BRIGHTON, Mass – Coming off a season that clearly wasn’t his best in his first year with the Bruins, power forward David Backes, 33, is looking for things to get a little better this season in Boston.

It wasn’t that bad for the 6-foot-3, 221-pounder. He finished with 17 goals and 38 points in 74 games and most nights provided a physical presence, solid leadership and a big body willing to pay the price around the net. Other nights it looked like Backes was a thirty-something NHL player trying to keep pace with a younger, faster league, and didn’t quite have the skating legs he’s going to need to keep up with everybody else.

With that in mind, Backes said he made a conscious decision to change his offseason workouts this summer and go from a football training-type size/strength regimen to something built more around skating and superior conditioning. That alteration, combined with settling into life in Boston off the ice, has Backes enthused that he’s going to improve from last season and push closer to the 20-goal, 50-point player he’s been in the past.

“Coming back here my wife made a lot of friends over the last year, we’re all settled into our house and we’re just living. That’s an awesome feeling to know all of that is checked off the list, and I can just go out and play the game. I can really be more concentrated on what’s going on here, and being a bigger factor in us winning more games. That’s what it’s all about,” said Backes. “My whole summer was totally different. I’d be training more like a football player with heavy weights in previous summers, but this year it was a lot more functional, speed-training with a lot more work done on the ice than previously.


“I think it’s partly because I’m getting older, and partly because the game itself is evolving into a faster, quicker, less chipping it in and grinding it out kind of game. While I still love that part of the game and hopefully it can still be incorporated, you also need to be able to get up and down the ice, win races to the puck and be able to make plays. I tried to incorporate training with that in mind.”

It still remains to be seen whether a sleeker, slightly quicker Backes is going to spend the season on the wing or back at his natural center position. He said he's discussed both options as possibilities with the Bruins, but a lot of it depends on how things develop in training camp with a slew of third-line center candidates including Ryan Spooner, Sean Kuraly and Jakob Forsbacka Karlsson among others.  

“There have been a few talks on the phone about what I’m thinking, and about what the coaches are thinking. It’s been good dialogue, but I don’t think we’re going to know what the case is until the puck is dropped on opening night,” said Backes. “That being said, I’m open to trying whatever and they’re open to being flexible with wing or center. It’s kind of like what we had in the playoffs with Kuraly and myself where he’s a younger kid that’s capable of playing center and maybe has a little bit more wheels than I do. But he needs help on face-offs, or there are times in defensive coverage where it’s better for me down low late in the game with a lead.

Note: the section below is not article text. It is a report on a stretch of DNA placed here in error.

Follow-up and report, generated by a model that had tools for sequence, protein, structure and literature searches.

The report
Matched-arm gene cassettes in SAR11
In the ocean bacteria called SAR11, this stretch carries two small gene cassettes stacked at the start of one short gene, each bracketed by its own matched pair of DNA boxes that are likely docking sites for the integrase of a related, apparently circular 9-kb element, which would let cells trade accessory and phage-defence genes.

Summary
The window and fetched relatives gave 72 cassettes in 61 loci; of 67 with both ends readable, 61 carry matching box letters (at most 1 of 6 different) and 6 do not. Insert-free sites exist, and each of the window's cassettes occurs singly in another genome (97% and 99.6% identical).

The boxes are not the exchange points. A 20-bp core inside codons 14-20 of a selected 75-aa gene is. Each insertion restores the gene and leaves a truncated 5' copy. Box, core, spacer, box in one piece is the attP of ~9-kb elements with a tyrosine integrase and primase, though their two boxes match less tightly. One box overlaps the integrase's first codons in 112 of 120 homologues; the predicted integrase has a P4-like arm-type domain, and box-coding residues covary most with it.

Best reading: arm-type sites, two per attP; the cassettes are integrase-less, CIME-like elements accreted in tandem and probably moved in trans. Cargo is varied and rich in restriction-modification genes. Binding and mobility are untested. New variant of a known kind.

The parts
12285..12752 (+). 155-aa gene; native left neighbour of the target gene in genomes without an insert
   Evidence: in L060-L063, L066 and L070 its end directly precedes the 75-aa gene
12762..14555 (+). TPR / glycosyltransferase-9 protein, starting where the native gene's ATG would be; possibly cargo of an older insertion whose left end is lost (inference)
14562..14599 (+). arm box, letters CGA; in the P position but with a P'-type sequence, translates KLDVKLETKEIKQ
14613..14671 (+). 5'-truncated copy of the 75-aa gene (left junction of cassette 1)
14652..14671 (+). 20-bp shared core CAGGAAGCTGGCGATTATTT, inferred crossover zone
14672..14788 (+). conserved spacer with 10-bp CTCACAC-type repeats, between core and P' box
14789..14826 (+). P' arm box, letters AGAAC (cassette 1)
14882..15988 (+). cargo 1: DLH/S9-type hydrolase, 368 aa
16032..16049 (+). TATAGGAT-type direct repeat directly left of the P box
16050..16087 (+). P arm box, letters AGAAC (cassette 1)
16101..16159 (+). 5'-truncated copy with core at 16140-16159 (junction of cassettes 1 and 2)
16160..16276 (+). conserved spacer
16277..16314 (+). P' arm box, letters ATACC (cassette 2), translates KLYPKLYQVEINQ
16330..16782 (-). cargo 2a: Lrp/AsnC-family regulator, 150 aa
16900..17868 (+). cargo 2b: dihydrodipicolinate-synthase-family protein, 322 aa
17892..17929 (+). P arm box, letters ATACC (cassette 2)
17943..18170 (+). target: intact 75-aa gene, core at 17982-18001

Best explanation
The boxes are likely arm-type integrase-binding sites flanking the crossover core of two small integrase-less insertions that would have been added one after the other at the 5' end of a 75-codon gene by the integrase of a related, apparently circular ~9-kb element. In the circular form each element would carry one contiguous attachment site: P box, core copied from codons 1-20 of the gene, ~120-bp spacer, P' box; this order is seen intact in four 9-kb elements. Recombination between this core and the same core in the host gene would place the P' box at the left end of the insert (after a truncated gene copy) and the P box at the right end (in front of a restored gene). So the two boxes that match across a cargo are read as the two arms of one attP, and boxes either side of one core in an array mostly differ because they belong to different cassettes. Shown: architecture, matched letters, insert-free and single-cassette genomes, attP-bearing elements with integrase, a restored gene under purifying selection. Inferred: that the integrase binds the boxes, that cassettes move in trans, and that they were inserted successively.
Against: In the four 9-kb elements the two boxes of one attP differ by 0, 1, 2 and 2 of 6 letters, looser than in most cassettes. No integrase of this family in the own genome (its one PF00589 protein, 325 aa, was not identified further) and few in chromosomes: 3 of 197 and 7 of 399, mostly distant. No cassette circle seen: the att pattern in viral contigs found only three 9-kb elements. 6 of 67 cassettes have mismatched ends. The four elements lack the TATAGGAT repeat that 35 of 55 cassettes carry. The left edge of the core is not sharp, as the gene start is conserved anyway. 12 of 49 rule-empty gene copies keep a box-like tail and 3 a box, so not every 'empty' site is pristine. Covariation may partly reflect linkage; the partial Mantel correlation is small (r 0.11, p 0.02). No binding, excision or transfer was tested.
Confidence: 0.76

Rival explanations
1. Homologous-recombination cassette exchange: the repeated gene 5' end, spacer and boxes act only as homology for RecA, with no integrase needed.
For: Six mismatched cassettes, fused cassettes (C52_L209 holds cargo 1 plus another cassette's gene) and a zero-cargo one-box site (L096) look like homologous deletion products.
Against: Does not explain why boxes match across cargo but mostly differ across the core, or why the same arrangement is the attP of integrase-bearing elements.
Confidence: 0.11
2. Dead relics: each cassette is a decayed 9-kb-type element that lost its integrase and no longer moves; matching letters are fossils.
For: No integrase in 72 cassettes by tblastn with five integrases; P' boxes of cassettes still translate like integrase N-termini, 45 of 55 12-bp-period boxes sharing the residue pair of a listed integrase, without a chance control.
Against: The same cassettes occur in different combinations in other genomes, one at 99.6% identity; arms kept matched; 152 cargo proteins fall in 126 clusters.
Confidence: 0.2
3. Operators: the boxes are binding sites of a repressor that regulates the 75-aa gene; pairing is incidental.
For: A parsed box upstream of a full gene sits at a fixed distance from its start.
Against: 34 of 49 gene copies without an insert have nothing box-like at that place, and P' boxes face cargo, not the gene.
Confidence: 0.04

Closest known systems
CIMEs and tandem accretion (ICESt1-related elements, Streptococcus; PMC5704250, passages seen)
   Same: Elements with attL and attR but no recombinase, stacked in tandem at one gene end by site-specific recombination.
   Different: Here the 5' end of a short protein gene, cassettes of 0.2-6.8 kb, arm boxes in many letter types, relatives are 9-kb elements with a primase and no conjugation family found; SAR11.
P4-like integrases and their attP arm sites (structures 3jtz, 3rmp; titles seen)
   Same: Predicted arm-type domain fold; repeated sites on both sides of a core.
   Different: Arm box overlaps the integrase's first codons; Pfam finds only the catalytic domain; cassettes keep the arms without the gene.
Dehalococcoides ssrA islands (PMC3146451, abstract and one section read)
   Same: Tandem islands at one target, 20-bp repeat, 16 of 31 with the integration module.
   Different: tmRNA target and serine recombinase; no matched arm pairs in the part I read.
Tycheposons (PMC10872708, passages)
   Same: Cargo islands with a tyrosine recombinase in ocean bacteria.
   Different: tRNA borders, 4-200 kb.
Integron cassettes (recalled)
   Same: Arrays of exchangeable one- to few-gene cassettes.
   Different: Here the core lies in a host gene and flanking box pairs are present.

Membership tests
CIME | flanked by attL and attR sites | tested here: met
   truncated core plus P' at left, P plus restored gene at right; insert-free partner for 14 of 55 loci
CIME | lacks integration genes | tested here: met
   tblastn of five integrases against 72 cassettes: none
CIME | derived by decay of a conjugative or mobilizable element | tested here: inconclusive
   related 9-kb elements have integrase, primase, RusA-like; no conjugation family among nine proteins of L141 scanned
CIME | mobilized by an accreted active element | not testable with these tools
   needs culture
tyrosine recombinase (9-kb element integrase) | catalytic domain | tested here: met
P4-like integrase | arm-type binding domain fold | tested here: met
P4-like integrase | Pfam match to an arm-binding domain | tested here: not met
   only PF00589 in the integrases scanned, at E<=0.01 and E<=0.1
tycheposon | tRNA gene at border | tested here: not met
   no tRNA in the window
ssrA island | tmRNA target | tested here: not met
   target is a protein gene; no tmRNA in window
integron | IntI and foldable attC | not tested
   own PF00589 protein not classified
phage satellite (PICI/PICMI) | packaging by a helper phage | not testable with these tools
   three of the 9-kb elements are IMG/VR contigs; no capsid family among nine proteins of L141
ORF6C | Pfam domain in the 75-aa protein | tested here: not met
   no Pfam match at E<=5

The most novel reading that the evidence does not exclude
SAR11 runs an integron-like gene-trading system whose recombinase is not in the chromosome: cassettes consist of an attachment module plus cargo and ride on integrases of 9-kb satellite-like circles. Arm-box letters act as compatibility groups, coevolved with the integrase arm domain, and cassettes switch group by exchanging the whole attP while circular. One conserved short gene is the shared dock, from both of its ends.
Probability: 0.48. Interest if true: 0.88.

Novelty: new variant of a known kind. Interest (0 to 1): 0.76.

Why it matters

“Alex Steen and I kind of did something like that in St. Louis for a while. He was a lefty and could take draws on the left-hand side, and I was a righty taking draws on the right side. You always have that advantage on your strong side. So we’ll tinker with that a little bit and see how things play out in training camp. That’s kind of why you have a training camp to get a look at those new kinds of things.”

Is the new training going to allow Backes to somehow discover the fountain of hockey youth?

That’s doubtful given his age, with the 800-plus NHL games of hard-nosed play already on his resume. Backes is understandably going to get slower rather than faster over the course of his B’s career, with some real challenges when the schedule spits out back-to-back games or those stretches where the Bruins play three games in four days.


But there should be some optimism that Backes can still have at least one more quality season for the Bruins before age really begins to creep in over the final few years of his five-year deal with the Black and Gold. This should be one of those quality seasons, particularly when considering how Backes altered his offseason workouts to streamline his big man’s skating and speed game while retaining the size and strength at the heart of his hockey tools.

The really good news is that the toughness, the tenaciousness and the competitiveness in Backes’ game will all continue to be there and set the right kind of example for a young crop of forwards getting ready to complement him up front this season.